You don’t have to be a designer to be surrounded by images you need and love. There’s always Instagram, pictures you were tagged on Facebook, a cool infographic you saw at a random page, photos from your child’s birthday or your New Year’s party. Snapping a picture is so effortless these days we even burn ‘film’ on our so-so everyday meals. We’re swarmed by images, some of them we’d like to store.
Regarding this personal matter, we recently reviewed Ember, but some readers weren’t satisfied by its terms of acquisition and lack of a few features to justify its price tag, some even mocked it as nothing but a private Pinterest. Among the comments, we heard of a promising upcoming app, currently in beta, called Inboard. Can it rekindle the flame of our image libraries?
Adobe promised with their move to Creative Cloud subscriptions that they’d be updating their apps quicker and adding more value with services. The quicker updates have already been coming, with new editing features coming to Premiere Pro only a month after the new CC version had been released, but the services part hadn’t come along quite as quickly. We’ve been waiting for the originally promised file and Typekit font sync ever since the new Creative Cloud’s release. Just when it seemed that it’d never come, though, Adobe finally opened early access to syncing that’s been rolling out this week.
Apparently good things still come to those who wait, because Creative Cloud file and font syncing works very nicely. Here’s what you can expect when your Creative Cloud — or standalone Typekit Portfolio — plan gets desktop sync enabled.
MacBook Airs, as we all very well know, have much less internal storage than their sibling, the MacBook Pro. This can be a major downside for artists — photographers, musicians, video editors, etc. For example, if you’re a photographer, you probably have a hard time keeping your entire portfolio on your MacBook. You could just plug in an external hard drive and travel around with that, but it’s just an extra device you don’t need to carry, so why not optimize your image files for a smaller hard drive?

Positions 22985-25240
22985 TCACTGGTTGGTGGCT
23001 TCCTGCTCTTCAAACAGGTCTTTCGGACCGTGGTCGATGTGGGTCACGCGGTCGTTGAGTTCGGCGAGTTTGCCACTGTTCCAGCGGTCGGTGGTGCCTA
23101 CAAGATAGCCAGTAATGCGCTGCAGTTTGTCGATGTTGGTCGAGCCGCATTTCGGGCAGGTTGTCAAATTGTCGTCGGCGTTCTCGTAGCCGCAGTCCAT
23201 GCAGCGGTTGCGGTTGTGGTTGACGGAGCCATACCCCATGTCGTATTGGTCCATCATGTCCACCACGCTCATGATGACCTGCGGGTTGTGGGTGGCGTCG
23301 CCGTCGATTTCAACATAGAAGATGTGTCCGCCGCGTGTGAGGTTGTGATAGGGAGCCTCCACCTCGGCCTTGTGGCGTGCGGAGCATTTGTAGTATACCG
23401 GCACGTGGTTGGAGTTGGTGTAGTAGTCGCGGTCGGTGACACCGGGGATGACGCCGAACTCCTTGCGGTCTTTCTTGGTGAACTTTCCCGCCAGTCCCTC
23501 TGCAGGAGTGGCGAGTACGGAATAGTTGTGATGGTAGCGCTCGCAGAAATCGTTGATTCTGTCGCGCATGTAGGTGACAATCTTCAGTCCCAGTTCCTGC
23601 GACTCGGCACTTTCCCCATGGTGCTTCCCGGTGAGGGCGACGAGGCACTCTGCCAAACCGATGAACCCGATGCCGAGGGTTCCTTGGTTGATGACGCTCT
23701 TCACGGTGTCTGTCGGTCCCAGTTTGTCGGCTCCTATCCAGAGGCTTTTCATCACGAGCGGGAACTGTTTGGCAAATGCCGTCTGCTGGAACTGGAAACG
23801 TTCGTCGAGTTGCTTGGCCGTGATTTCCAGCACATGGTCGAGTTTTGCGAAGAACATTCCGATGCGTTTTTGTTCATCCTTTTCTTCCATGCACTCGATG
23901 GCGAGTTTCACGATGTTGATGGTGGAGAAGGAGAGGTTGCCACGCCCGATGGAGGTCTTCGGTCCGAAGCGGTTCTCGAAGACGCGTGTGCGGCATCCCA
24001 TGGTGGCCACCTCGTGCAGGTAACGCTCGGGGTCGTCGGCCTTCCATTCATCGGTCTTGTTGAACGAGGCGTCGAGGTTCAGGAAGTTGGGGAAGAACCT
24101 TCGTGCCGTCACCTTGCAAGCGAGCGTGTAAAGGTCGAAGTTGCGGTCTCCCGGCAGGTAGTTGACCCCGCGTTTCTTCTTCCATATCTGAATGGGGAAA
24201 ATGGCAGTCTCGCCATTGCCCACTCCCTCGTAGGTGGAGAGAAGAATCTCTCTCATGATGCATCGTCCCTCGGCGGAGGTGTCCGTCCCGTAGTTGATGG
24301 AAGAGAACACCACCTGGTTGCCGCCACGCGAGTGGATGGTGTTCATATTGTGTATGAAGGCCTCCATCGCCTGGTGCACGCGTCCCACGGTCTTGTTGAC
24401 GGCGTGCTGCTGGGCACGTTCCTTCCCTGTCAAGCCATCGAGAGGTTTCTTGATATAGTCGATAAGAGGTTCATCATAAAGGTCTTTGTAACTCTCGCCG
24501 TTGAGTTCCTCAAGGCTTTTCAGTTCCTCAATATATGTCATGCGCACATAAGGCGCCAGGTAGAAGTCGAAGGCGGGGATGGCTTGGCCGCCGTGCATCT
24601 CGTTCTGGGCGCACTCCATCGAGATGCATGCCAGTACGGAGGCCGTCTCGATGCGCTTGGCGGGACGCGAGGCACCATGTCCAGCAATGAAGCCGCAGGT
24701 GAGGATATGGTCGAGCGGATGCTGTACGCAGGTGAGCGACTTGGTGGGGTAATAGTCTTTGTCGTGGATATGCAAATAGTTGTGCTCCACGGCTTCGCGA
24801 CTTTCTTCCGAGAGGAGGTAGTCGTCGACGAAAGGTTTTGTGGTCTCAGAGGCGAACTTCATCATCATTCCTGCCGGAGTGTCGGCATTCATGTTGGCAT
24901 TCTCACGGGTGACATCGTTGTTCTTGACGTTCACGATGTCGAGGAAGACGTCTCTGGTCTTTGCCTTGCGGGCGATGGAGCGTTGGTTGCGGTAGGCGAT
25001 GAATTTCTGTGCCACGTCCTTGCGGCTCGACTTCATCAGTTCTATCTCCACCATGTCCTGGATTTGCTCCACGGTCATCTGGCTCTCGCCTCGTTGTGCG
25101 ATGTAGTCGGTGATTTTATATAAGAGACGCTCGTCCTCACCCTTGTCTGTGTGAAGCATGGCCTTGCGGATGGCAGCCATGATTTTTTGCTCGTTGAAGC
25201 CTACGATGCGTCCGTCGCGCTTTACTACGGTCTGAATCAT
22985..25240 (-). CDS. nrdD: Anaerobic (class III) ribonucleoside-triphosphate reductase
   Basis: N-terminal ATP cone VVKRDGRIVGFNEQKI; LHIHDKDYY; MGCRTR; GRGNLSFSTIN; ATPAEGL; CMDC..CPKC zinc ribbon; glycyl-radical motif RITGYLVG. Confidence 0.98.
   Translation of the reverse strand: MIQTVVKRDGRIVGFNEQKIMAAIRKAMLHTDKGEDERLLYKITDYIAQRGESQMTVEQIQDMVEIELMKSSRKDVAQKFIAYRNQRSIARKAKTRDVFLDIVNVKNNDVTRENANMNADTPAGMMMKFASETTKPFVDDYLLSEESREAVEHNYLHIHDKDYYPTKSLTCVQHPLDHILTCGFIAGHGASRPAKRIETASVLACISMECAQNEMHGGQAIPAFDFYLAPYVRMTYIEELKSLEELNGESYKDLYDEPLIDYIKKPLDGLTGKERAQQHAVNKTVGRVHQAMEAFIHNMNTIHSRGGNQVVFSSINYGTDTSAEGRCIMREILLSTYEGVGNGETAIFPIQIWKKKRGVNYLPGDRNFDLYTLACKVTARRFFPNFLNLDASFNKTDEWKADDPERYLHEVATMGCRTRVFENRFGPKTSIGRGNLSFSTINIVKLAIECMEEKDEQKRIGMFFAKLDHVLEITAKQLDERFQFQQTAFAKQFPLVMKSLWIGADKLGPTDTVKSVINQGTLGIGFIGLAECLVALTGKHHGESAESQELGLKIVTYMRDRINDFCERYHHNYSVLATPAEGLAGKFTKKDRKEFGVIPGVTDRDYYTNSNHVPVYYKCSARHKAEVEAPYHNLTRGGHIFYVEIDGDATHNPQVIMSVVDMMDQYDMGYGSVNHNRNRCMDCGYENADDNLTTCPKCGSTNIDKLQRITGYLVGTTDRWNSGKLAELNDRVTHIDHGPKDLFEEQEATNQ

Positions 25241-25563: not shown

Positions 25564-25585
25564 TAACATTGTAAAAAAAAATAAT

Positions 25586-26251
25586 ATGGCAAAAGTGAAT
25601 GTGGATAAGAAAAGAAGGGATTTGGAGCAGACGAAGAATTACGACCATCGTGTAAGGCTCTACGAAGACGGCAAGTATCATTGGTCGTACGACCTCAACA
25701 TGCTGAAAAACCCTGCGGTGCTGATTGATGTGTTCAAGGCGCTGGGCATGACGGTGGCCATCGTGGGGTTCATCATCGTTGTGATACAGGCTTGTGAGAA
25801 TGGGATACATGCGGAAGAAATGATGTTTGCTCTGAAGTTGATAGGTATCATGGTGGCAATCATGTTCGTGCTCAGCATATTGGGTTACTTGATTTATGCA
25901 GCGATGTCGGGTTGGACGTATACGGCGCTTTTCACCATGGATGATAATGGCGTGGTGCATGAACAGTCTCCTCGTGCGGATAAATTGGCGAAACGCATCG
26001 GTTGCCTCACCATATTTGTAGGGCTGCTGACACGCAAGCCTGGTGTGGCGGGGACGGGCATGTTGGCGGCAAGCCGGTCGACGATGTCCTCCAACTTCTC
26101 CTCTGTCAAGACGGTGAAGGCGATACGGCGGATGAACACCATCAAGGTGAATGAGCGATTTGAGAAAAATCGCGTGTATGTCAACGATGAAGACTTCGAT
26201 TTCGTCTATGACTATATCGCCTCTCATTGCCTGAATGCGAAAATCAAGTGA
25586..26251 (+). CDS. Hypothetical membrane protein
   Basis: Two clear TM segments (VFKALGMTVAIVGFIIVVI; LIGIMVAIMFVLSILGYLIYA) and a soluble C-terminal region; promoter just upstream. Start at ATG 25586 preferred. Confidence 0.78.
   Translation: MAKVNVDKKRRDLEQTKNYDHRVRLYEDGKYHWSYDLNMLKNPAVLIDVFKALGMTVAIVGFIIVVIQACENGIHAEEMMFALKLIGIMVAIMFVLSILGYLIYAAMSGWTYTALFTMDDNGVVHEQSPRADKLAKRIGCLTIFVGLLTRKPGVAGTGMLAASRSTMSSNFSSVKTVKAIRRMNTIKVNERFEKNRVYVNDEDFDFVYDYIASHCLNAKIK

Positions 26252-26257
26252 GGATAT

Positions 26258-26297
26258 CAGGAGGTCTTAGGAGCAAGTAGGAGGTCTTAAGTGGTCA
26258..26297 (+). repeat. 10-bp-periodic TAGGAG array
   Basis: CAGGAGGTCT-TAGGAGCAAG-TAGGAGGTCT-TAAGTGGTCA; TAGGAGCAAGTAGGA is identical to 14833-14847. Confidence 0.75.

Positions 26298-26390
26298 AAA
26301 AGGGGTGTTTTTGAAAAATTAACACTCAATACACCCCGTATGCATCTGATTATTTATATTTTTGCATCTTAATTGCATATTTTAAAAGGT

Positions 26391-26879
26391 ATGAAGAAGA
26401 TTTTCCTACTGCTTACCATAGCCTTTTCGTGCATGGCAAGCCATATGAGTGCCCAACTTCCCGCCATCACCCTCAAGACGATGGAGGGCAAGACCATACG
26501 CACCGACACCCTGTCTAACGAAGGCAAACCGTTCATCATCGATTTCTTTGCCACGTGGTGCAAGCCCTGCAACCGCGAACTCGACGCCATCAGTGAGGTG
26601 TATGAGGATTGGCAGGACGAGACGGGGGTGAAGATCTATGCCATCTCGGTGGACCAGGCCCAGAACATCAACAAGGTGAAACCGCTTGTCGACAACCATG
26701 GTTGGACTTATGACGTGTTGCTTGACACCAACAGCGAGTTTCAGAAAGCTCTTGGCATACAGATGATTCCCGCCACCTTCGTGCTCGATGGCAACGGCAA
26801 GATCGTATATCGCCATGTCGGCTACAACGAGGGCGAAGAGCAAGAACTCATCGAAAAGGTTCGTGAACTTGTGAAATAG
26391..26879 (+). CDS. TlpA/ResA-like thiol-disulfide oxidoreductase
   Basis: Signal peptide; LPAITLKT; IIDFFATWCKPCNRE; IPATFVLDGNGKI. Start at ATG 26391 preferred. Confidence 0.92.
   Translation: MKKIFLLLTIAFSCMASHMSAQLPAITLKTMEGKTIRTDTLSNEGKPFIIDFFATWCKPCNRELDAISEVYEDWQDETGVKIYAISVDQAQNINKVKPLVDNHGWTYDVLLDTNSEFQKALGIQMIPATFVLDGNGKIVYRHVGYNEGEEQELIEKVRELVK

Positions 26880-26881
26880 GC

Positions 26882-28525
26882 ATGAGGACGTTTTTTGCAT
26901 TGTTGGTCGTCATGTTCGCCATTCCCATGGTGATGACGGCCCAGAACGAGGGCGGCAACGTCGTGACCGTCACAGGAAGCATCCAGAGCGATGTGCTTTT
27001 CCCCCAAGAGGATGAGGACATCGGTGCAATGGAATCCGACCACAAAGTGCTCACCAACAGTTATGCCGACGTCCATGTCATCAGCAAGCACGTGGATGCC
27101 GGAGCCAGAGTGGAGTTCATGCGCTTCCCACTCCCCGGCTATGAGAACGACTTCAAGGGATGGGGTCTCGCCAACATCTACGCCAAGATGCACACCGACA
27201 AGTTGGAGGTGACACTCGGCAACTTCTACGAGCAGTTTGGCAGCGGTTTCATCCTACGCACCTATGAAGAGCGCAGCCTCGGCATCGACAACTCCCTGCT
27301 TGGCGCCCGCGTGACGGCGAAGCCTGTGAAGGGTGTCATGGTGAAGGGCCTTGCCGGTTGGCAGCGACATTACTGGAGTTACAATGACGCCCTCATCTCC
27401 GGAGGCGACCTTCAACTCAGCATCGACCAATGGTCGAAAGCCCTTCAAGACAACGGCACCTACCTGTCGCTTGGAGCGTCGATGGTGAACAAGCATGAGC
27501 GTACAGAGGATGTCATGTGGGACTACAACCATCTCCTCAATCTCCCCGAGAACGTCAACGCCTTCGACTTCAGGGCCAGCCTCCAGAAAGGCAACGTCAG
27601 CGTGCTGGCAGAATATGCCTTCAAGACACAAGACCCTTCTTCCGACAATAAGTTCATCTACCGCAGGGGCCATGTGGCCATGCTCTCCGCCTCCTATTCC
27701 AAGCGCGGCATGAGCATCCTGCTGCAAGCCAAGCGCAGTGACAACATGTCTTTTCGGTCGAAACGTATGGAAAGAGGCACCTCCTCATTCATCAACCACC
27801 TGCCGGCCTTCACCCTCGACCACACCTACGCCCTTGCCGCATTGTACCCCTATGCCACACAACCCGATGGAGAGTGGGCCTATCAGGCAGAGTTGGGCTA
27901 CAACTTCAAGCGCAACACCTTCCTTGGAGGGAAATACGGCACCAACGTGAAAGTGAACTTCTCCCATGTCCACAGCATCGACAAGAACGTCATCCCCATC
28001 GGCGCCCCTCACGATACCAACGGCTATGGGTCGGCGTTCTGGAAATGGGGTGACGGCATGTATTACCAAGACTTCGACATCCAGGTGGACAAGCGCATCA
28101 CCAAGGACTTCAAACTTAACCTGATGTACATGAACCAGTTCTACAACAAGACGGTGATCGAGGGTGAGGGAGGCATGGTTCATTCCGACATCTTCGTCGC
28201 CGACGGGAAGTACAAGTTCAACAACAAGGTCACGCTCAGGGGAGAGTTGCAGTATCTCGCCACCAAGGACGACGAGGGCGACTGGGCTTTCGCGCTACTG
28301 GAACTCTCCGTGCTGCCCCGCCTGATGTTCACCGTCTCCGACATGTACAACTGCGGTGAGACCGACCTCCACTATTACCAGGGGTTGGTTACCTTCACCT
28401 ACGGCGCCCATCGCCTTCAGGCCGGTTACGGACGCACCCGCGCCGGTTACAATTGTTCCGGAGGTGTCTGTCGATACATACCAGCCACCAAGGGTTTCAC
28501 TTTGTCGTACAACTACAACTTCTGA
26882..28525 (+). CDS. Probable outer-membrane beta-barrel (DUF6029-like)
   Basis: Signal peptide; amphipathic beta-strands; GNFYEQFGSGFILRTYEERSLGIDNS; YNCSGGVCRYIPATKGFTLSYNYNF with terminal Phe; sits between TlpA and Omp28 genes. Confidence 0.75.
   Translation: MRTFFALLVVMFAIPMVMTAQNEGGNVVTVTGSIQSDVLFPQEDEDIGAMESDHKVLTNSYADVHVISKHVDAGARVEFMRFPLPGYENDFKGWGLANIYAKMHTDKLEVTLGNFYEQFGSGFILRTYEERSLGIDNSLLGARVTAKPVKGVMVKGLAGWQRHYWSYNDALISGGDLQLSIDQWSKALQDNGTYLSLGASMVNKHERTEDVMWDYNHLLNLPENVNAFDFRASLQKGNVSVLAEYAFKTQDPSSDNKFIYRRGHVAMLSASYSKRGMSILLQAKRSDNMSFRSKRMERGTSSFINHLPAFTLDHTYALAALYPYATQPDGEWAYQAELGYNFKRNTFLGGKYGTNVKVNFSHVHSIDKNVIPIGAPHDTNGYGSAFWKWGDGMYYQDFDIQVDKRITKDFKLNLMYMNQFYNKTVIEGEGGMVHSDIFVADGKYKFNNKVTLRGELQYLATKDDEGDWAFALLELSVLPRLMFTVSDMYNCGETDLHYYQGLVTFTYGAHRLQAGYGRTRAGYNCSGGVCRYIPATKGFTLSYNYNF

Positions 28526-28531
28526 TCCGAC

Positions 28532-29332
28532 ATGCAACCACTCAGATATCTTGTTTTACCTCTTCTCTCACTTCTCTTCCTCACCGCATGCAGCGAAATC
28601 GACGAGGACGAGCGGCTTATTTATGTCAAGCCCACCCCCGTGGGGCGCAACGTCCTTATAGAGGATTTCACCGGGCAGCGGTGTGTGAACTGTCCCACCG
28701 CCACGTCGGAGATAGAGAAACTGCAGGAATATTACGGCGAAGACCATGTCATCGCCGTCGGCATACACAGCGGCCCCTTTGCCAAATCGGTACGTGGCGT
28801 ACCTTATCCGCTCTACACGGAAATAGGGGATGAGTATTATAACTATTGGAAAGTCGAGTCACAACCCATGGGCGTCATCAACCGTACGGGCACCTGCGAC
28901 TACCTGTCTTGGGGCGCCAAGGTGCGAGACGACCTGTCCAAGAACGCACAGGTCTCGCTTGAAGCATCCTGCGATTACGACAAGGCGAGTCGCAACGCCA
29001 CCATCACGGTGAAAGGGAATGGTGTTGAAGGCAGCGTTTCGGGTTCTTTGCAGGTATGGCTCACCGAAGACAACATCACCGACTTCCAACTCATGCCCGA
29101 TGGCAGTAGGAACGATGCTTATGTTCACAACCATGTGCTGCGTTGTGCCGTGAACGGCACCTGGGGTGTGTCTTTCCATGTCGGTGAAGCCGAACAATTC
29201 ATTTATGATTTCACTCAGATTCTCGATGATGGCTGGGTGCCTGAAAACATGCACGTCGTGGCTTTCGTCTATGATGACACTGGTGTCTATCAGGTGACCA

JPEGmini‘s developers claim the app can compress your existing images into JPEGs that have a much smaller footprint without compromising quality. Being a person who works with images on a daily basis, this sounded a bit fake to me, but I decided to give the app a try anyway. Here’s our thoughts on the app — and a chance for you to win a free copy of JPEGmini! (more…)
I’m always somewhat amused at the attention screenshot tools get on the Mac. Back when I used a PC every day, a 3rd party screenshot and quick image editing tool was quite the necessity. Saying Prnt Scrn and Paint didn’t quite cut it is the understatement of the decade. But on the Mac, there’s an embarrassment of riches for screenshots and quick editing built into your Mac, for free.
Frustrated about Realmac’s new replacement for LittleSnapper, Ember? Think Skitch 2 isn’t as good as it used to be? Here’s why Preview is the best built-in app on the Mac, and why you shouldn’t even worry about finding a replacement for either of them.
When it comes to editing photographs on OS X, Apple users are quite spoilt for choice. Those who just want to remove those ghastly devil eyes from their holiday snaps and turn them into a fancy scrapbook for the rest of the family to coo over can use iPhoto, part of the iLife package, which is bundled in with all new Macs. Photographers looking for a few more advanced features often turn to Apple’s offering, Aperture, or Adobe’s Lightroom — both offering a feature set that keeps most semi-professional and professional photographers happy.